No one ever guessed that this socially-awkward child had autism. After all, she didn’t fit any of the stereotypes. She was highly intelligent, meeting all developmental milestones ahead of schedule. She was polite and articulate with seemingly good social skills.
There are a growing number of questionable, unproven treatments. Desperate for relief, many of us will seriously consider one or more unproven treatments. At best, we will get lucky and find some relief. At worst, they may create harm or delay us from getting proven treatments.
There is no shortage of people trying to capitalize on the increased awareness of migraine. False claims of a cure are all too common and tempting. It’s an ugly result of greater public recognition. The more we talk about migraine, the more questionable claims will pop up. Migraine isn’t the only disease that is a target.
We have a tendency to wear emotional and mental blinders, forgetting that the rest of the world is suffering so much more. It’s easy to get caught up in our own problems and lose sight of the big picture. We complain about the limited number of headache specialists and the high price of treatments, but it could be so much worse.
Migraineurs are often the target of unfair patient-blaming. Many of us get defensive when others suggest we might be to blame for our own suffering. Some have been so terribly hurt by patient-blaming that they resist any suggestion that they might be capable of improving their quality of life by making changes in their lifestyle.
Now that I know migraine is a neurological disorder, the weird symptoms make sense. There are biological reasons for all of it. This knowledge is a good thing. By recognizing the symptoms I no longer question my sanity or blame myself for non-existent character flaws that are really just symptoms of the disease. My self-esteem & confidence improved when I got educated about migraine.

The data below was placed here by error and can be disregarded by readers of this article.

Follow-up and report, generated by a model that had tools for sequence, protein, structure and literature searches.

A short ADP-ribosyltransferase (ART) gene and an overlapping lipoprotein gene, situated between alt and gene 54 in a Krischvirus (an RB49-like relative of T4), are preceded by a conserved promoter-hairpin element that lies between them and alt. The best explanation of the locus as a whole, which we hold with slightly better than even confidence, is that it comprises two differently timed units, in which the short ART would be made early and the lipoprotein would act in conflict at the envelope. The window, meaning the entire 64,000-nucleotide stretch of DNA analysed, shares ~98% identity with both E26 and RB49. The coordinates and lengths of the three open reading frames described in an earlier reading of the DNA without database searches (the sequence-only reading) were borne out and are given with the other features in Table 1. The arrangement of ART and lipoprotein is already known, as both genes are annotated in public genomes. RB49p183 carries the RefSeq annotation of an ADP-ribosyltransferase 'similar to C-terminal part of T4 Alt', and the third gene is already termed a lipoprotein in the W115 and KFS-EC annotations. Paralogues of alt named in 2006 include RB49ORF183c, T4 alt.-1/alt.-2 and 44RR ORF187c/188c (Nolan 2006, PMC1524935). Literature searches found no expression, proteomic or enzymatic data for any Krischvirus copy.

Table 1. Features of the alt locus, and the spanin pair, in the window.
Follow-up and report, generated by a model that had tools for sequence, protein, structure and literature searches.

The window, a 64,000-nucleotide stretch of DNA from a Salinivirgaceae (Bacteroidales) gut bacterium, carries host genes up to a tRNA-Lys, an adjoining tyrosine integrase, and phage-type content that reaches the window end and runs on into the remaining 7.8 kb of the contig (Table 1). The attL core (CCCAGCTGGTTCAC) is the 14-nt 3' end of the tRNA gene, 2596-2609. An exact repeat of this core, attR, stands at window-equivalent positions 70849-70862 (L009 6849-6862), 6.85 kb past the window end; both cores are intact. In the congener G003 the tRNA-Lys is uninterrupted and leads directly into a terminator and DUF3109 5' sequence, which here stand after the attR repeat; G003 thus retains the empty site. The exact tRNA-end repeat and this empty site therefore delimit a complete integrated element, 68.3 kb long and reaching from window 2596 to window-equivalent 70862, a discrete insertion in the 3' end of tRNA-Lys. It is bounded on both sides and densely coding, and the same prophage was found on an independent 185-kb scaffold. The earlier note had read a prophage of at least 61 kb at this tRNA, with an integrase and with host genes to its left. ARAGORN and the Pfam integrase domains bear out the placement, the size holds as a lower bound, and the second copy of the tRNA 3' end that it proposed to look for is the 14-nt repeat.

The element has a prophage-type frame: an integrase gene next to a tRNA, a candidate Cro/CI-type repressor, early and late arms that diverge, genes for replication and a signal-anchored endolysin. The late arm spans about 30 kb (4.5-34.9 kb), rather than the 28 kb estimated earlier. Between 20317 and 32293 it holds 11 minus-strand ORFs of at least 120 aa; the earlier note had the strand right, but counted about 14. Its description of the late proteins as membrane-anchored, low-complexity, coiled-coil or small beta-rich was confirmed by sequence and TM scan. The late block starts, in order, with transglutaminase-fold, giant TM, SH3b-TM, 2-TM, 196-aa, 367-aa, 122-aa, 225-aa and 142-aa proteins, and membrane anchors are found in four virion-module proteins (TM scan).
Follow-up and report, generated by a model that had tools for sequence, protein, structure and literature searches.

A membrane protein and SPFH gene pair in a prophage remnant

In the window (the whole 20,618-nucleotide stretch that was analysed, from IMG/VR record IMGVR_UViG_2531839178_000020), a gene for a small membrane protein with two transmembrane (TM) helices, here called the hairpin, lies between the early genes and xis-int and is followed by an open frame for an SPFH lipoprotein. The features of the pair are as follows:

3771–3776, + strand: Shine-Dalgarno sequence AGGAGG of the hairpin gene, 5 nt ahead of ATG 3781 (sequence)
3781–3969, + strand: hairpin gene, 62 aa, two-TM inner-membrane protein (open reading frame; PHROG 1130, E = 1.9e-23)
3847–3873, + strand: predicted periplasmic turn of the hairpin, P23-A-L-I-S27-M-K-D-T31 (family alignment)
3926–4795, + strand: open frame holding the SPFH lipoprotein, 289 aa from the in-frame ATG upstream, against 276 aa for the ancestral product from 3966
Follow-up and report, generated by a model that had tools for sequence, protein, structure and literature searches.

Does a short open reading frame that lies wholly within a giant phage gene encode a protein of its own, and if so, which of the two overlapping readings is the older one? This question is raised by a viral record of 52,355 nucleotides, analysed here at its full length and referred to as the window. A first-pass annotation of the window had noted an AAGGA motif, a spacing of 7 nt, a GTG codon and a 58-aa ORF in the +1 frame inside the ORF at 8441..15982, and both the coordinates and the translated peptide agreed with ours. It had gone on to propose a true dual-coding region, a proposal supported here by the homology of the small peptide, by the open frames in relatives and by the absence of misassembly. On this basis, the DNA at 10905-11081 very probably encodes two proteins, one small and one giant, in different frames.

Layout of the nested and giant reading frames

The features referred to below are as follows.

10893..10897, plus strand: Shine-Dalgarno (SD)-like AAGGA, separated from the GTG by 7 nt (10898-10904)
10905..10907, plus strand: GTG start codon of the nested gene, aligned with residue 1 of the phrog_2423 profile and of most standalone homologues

My routine was thrown off balance like a ship tossing in a storm. Sometimes all you can do is hang on, hoping you don’t get tossed overboard. Before I could move forward, I needed to wait out the storm, assess for damage, make repairs, and right the ship.
My experience was foreign to them and they never did understand. Some were even cruel in their responses. Migraines made me an outcast with my new family. I wish that I could set them straight. I wish that they would listen and try to understand life from my perspective. After all, they seem like reasonable people. If they only knew the truth.
There is no one-size-fits-all Migraine. Sometimes a patient will have symptoms that are so unique to appear as though it is not migraine at all. Perhaps you have migraine or know someone who does. To borrow a phrase from autism advocacy…If you’ve met one migraineur, you’ve met one migraineur. That’s how different we are. Even if you didn’t count our personalities, talents, weaknesses, family history, social environment, and all the things that make everyone unique we’re still an ecclectic group.
We didn’t have much to work with — just aspirin and Advil. The idea of preventive therapy or more aggressive abortives were ideas I wouldn’t be introduced to for at least five more years. I had learned enough to know that I needed to treat an attack at the first sign of trouble. Nobody knew about the risks of medication overuse.